TFN has taken up its usual post in the board hearing room at the State Board of Education, where we are bringing you up-to-the-minute action from today’s one and only hearing on proposed new science instructional materials. (We’re also live-tweeting at #sboe.) For anyone who wants to watch the proceedings, the meeting is being live-streamed here.
For a primer on what’s at stake today and tomorrow, you can view an archive of TFN Insider posts on the science debate by clicking here.
1:00 p.m. – The SBOE is back from lunch, and the public hearing on proposed science instructional materials is about to begin.
1:10 – The board plans to limit testimony today to four hours, with each speaker permitted two minutes for his or her statement. In the past we’ve seen time for a speaker extended if board members have questions.
1:14 – Clare Wuellner of Austin kicks off testimony by calling on state board members to adopt instructional materials based on sound science.
1:16 – Testifier Tom Davis asks of anti-evolution board members: “Whose story of creation are you going to use?”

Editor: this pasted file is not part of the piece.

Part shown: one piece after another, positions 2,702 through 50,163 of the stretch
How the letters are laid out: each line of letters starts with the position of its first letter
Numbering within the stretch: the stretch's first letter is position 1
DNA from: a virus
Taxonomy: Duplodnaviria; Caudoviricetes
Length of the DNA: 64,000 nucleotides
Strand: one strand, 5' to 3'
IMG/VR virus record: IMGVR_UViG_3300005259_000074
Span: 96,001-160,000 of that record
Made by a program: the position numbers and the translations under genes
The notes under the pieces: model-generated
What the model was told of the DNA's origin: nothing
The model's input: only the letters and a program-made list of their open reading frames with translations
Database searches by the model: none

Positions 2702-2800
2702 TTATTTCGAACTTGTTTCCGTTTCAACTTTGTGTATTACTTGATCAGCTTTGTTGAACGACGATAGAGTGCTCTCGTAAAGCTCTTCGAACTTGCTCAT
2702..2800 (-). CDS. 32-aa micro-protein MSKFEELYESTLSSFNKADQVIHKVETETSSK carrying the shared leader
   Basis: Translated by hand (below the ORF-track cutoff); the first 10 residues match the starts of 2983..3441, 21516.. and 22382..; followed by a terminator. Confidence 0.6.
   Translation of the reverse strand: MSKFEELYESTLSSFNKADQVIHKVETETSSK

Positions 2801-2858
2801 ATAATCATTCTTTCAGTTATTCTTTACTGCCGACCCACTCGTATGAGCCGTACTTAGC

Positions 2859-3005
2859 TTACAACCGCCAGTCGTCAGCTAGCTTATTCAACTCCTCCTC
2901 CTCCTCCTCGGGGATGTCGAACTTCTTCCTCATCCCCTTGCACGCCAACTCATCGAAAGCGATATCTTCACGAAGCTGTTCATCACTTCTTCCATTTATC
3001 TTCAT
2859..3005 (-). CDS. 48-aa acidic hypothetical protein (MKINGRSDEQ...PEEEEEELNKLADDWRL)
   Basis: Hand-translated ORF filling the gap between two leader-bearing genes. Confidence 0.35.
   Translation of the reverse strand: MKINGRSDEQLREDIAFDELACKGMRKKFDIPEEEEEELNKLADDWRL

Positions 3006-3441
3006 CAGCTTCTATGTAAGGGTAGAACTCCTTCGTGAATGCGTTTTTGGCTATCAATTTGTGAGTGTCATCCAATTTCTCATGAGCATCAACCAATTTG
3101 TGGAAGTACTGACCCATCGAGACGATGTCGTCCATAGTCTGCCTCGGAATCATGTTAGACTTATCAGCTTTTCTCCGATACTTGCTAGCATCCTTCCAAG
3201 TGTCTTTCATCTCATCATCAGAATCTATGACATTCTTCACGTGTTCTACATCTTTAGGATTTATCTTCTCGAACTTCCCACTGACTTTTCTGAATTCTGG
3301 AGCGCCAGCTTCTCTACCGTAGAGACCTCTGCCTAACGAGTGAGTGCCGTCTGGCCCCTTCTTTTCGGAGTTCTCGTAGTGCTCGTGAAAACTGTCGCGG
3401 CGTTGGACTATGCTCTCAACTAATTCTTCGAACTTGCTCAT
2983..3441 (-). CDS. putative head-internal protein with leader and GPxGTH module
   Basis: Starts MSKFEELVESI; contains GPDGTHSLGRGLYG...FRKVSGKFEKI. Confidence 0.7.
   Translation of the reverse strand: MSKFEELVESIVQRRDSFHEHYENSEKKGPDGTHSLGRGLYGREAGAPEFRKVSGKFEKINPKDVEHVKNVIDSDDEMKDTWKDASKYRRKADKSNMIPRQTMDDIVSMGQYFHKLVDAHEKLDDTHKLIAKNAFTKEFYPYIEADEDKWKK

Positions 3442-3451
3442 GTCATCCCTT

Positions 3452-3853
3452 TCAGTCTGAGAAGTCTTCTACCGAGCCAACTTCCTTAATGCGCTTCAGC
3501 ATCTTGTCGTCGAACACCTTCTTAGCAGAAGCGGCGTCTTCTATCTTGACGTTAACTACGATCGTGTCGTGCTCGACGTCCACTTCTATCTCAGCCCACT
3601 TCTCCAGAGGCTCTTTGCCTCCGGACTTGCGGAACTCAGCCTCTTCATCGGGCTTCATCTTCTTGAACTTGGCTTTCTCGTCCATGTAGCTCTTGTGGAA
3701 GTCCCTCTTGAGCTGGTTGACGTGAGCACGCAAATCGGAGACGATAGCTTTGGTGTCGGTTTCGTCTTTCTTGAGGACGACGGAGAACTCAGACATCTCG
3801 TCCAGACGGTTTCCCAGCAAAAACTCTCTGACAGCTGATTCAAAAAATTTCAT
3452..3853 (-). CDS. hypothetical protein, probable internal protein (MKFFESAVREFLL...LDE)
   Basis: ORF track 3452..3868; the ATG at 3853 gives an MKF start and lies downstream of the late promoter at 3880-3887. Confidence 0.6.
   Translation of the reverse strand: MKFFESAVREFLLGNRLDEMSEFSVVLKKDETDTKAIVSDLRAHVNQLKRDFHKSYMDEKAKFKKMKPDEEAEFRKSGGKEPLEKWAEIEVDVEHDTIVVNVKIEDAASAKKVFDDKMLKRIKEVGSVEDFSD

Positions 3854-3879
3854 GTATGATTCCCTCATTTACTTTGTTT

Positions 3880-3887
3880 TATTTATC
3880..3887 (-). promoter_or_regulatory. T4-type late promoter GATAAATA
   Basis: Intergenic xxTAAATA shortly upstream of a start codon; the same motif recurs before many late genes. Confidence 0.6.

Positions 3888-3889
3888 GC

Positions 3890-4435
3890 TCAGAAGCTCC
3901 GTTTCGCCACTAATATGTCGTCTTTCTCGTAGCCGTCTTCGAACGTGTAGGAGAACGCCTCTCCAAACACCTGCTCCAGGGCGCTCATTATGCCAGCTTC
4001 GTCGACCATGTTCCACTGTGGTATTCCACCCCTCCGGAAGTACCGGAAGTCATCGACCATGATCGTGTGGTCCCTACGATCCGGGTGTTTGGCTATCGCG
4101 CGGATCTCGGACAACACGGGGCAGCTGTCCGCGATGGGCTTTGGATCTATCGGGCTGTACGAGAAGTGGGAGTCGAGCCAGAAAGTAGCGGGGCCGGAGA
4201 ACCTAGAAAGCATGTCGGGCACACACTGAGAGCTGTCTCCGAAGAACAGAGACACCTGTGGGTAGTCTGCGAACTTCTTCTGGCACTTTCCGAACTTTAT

1:18 – Board member David Bradley, R-
Beaumont Buna asks whether Davis can identify anywhere in the proposed instructional materials and curriculum standards where creationism is mentioned. Board member Ken Mercer, R-San Antonio, offers a $500 reward to anyone who can identify where creationism, Jesus or religion is mentioned. Both are being terribly disingenuous. The arguments both have made against evolution come from religion-based “intelligent design”/creationism. And that’s true whether the words “intelligent design”/creationism even show up in the text.
1:25 – And how disingenuous are Bradley and Mercer being, by the way? Here’s a passage from science instructional materials submitted by New Mexico-based International Databases for adoption by the state board:
“Since such materialistic, self organization scenarios now have a history of scientific insufficiency for explaining the Origin of Life on Earth, the Null hypothesis (default) stands. This allows for the testing of the legitimate scientific hypothesis……Life on Earth is the result of intelligent causes.”